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New book: Walking the English Coast
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Killer Cows: Killer Cows
These aggressive animals were way more than ‘just curious’.
Three years ago, Mrs CW was quietly crossing a field with her dog on a lead. A cow first knocked her down from behind, and then subjected her to a terrifying trampling attack. Mrs CW sustained serious injuries – with multiple fractures – and spent time in intensive care, before starting to learn to walk again.
Being killed by an animal is the second highest cause of death in farming.
Category Archives: 04 Essex
“Or, if you walk into the village, you may be able to catch a bus.”
“I am not allowed to travel by bus,” I tell him.
If he thinks this is a little odd, he is too polite to say so.
I hesitate outside the dark mouth of the gloomy alleyway. For the first time on my whole journey, I feel very uneasy. I am not concerned about tides, or mud, or even snakes. It is the thought of ….. Continue reading
Southend is full of sunlight but I am surrounded by warning signs. I am forbidden from walking along the beach – first by Ministry of Defence warning signs and later by an oil spill. I scratch my insect bites and have some close encounters with blackberry bushes, before becoming trapped in deep, dark stairwell …. Continue reading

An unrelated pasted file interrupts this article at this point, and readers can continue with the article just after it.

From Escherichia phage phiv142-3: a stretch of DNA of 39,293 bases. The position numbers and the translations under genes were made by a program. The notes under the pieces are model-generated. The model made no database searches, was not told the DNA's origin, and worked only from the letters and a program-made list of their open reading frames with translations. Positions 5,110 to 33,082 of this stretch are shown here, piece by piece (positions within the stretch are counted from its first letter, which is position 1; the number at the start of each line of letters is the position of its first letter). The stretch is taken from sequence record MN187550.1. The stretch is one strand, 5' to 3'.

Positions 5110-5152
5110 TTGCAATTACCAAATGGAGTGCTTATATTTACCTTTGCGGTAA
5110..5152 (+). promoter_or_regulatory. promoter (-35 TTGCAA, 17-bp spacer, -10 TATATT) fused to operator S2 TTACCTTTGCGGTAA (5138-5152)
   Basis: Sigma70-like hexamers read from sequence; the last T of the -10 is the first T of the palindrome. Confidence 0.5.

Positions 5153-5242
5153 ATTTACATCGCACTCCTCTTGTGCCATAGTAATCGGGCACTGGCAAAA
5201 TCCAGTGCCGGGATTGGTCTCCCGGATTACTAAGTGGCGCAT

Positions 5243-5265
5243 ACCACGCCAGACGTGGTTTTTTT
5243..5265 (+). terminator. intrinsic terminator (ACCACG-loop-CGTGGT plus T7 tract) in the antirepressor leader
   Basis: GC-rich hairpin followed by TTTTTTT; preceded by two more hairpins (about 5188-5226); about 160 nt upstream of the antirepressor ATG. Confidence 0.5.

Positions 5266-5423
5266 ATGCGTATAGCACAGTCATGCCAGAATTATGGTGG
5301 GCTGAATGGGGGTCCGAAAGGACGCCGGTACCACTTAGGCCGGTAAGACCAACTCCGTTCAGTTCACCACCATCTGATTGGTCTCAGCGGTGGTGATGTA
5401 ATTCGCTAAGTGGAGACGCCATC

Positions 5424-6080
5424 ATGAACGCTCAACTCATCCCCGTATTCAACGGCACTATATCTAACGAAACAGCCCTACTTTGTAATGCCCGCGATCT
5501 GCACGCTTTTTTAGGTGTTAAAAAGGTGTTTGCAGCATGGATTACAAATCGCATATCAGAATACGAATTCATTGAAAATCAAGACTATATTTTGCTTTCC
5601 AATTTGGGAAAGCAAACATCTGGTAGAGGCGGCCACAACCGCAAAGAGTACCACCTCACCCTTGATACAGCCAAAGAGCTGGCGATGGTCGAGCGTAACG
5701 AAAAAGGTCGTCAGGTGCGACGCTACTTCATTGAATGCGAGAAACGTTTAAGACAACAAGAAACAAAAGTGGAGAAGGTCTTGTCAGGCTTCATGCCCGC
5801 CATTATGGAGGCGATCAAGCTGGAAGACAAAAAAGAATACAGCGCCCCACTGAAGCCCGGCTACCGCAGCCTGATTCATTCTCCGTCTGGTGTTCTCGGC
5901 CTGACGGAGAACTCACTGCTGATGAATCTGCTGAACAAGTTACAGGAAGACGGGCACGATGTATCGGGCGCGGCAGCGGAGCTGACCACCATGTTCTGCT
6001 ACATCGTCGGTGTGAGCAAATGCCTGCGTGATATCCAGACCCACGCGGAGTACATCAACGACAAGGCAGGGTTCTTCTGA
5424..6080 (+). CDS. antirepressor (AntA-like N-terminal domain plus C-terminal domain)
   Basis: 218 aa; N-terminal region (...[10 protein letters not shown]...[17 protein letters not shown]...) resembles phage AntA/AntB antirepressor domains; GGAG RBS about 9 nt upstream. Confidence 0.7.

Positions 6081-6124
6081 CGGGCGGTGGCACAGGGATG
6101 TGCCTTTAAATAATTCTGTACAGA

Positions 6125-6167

My husband joins me and we discover a minature railway and enjoy a grand view of Barling Tip. I acquire – and lose – a walking stick, get sprayed by stinking marsh water and nearly step on a “snake”. Continue reading
I am planning to make good progress over the next few days. Who knows, I might even manage to leave Essex. With 350 miles of coastline, Essex has the longest coastline in England. I was not aware of this fact before I encountered its miles of estuaries ….
The Dengie peninsula is flat, marshy and has a coastal walk 17 miles in length. I suffer my first serious bout of boredom …. then I see a mirage, a strangely decorated gate and discover an enormous mushroom. Continue reading
Around the Dengie Peninsula, there is a coastal path stretching from Bradwell Power Station to Burnham on Crouch; seventeen miles of coastal footpath, with no villages, no towns and no marinas; along which the only building of any significance is St Peter’s Chapel. A powerful atmosphere fills the place ….
The wind is wild and the sea stormy. I meet a venemous, slithery thing. And I grow angry at people who obstruct my right to walk along the sea wall. Continue reading
Here is Byrhtnoth, the Earldorman of Essex, bold and fierce, looking out to sea. I see Bradwell Power Station ahead of me and realise am making little progress. I worry about snakes and twisted ankles …. then my phone dies. Continue reading